The tour was finally over and we headed back to where our bus had last left us. We had come full circle and the trip had taken a little more than two hours, not bad with all the kids.

Volunteer Spotlight: Kindergarten Graduation

Wednesday, December 23rd, 2009

Today was the day of the esteemed and much awaited day of Kindergarten graduation.  For some reason, it is a very big deal in Ghana.  An elegant set up was created for the event complete with large speakers, chairs and tables.  The event was supposed to start at 10 am, but like always it did not begin until noon.  The entire lower school was in attendance as well as all the teachers.  Many members from the Parent Teachers Association as well as the Ghana Board of Education were present for the ceremony. To our surprise, nearly every parent of the children was sure to make an appearance.  The music, as always, was being played at a ridiculously high volume, and it was the same songs over and over again.

Kindergarten Graduation 1

The ceremony began with a prayer and then introductions.  The event was run by the master of ceremonies and one of the school’s teachers, Somaila.  He does a great job controlling the order of the program and interacting with the audience.  The ceremony contained many traditions, the first of which involved the kindergarten class standing coming on stage and performing a song for the audience.  The students then proceeded to change into athletic clothes to play games.  Everyone transitioned over to the fields to watch the children compete in tug of war, sack races, and spoon balancing races.  It was adorable to watch and the parents enjoyed the fun competition.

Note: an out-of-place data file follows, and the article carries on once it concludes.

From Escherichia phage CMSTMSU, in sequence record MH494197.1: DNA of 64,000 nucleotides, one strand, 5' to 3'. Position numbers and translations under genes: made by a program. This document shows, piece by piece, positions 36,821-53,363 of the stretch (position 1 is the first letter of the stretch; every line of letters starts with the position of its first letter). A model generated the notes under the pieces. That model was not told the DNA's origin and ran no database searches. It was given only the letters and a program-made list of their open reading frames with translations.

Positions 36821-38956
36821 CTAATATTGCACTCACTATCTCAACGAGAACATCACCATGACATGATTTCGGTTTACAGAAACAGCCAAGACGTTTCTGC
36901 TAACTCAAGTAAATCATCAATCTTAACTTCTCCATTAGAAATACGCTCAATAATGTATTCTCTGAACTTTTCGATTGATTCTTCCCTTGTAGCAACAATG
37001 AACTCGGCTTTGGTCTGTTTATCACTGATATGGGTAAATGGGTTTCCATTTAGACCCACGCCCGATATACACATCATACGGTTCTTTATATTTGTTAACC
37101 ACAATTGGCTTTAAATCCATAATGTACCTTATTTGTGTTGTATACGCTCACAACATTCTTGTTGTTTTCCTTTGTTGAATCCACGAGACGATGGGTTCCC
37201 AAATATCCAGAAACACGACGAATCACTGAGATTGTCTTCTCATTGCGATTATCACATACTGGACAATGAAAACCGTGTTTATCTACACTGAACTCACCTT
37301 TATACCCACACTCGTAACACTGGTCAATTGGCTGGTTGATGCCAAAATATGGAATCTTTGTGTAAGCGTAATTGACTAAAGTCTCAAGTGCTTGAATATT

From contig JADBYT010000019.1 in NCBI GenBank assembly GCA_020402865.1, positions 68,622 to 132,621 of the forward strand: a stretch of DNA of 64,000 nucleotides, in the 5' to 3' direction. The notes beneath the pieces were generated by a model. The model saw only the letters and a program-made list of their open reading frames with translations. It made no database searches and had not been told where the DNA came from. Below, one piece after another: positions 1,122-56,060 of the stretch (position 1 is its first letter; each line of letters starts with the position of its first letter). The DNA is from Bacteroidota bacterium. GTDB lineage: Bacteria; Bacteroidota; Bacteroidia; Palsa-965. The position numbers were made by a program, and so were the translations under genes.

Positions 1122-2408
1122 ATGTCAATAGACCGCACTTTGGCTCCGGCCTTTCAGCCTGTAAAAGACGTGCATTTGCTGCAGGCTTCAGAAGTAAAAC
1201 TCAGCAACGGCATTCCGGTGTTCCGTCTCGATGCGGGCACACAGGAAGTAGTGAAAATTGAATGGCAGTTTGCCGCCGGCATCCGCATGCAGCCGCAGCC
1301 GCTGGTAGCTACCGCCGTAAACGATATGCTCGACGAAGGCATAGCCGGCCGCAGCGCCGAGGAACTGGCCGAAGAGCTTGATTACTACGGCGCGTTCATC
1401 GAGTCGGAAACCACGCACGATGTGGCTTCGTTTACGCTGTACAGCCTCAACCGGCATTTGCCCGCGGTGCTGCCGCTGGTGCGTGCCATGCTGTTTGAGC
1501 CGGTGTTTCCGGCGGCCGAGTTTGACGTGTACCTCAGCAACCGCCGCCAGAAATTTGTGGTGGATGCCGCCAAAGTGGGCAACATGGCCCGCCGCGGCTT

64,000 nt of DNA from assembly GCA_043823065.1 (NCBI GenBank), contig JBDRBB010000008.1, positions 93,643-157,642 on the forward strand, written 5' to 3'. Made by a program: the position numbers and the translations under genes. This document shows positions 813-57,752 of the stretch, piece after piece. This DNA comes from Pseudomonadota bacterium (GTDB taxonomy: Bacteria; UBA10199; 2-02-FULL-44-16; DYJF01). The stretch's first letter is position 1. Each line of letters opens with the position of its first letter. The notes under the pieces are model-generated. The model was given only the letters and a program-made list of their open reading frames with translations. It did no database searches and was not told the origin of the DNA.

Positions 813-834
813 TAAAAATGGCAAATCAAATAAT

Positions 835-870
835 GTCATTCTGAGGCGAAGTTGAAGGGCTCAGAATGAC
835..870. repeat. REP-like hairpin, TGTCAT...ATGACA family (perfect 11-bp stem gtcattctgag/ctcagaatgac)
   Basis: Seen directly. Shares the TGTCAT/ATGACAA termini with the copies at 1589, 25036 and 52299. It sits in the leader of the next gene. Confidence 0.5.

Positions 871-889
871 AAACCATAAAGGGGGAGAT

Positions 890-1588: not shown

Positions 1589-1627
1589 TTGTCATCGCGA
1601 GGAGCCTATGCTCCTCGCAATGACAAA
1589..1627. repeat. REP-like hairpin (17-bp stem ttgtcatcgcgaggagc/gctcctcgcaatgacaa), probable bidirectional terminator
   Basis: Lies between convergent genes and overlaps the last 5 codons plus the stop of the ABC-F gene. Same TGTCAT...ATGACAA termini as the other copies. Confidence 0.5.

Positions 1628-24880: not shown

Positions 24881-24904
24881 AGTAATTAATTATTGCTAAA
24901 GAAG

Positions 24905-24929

Kindergarten Graduation - Sac RaceKindergarten Graduation - Tug Rope

After the field games had finished, the students changed into their cultural uniforms.  They performed a play and then a cultural dance they had been working hard on all semester.  Still in their same uniforms, each child stepped up to the podium and recited a poem of their choice.  This took some time as you can imagine, but it was a pleasure to hear the students that were strong public speakers.  For students that performed particularly well, parents and others from the audience would throw money at them to donate towards the school.  One boy cried every time he had to speak publicly, this brought much laughter from the student body and I felt so bad for him.

The class then went into the library to change into their blue graduating gowns complete with caps and kente cloth lining.  During this time, the lower school held a dance competition to pass the time.  Finally the kindergarten class returned in their robes and strolled two by two onto the center stage to receive their official diplomas.  After each student received his/her certificate their picture was taken with their respective parents who were in attendance, which was mostly mothers.  Every mother in the audience seemed to be carrying a baby which I also found interesting.

Kindergarten Graduation 2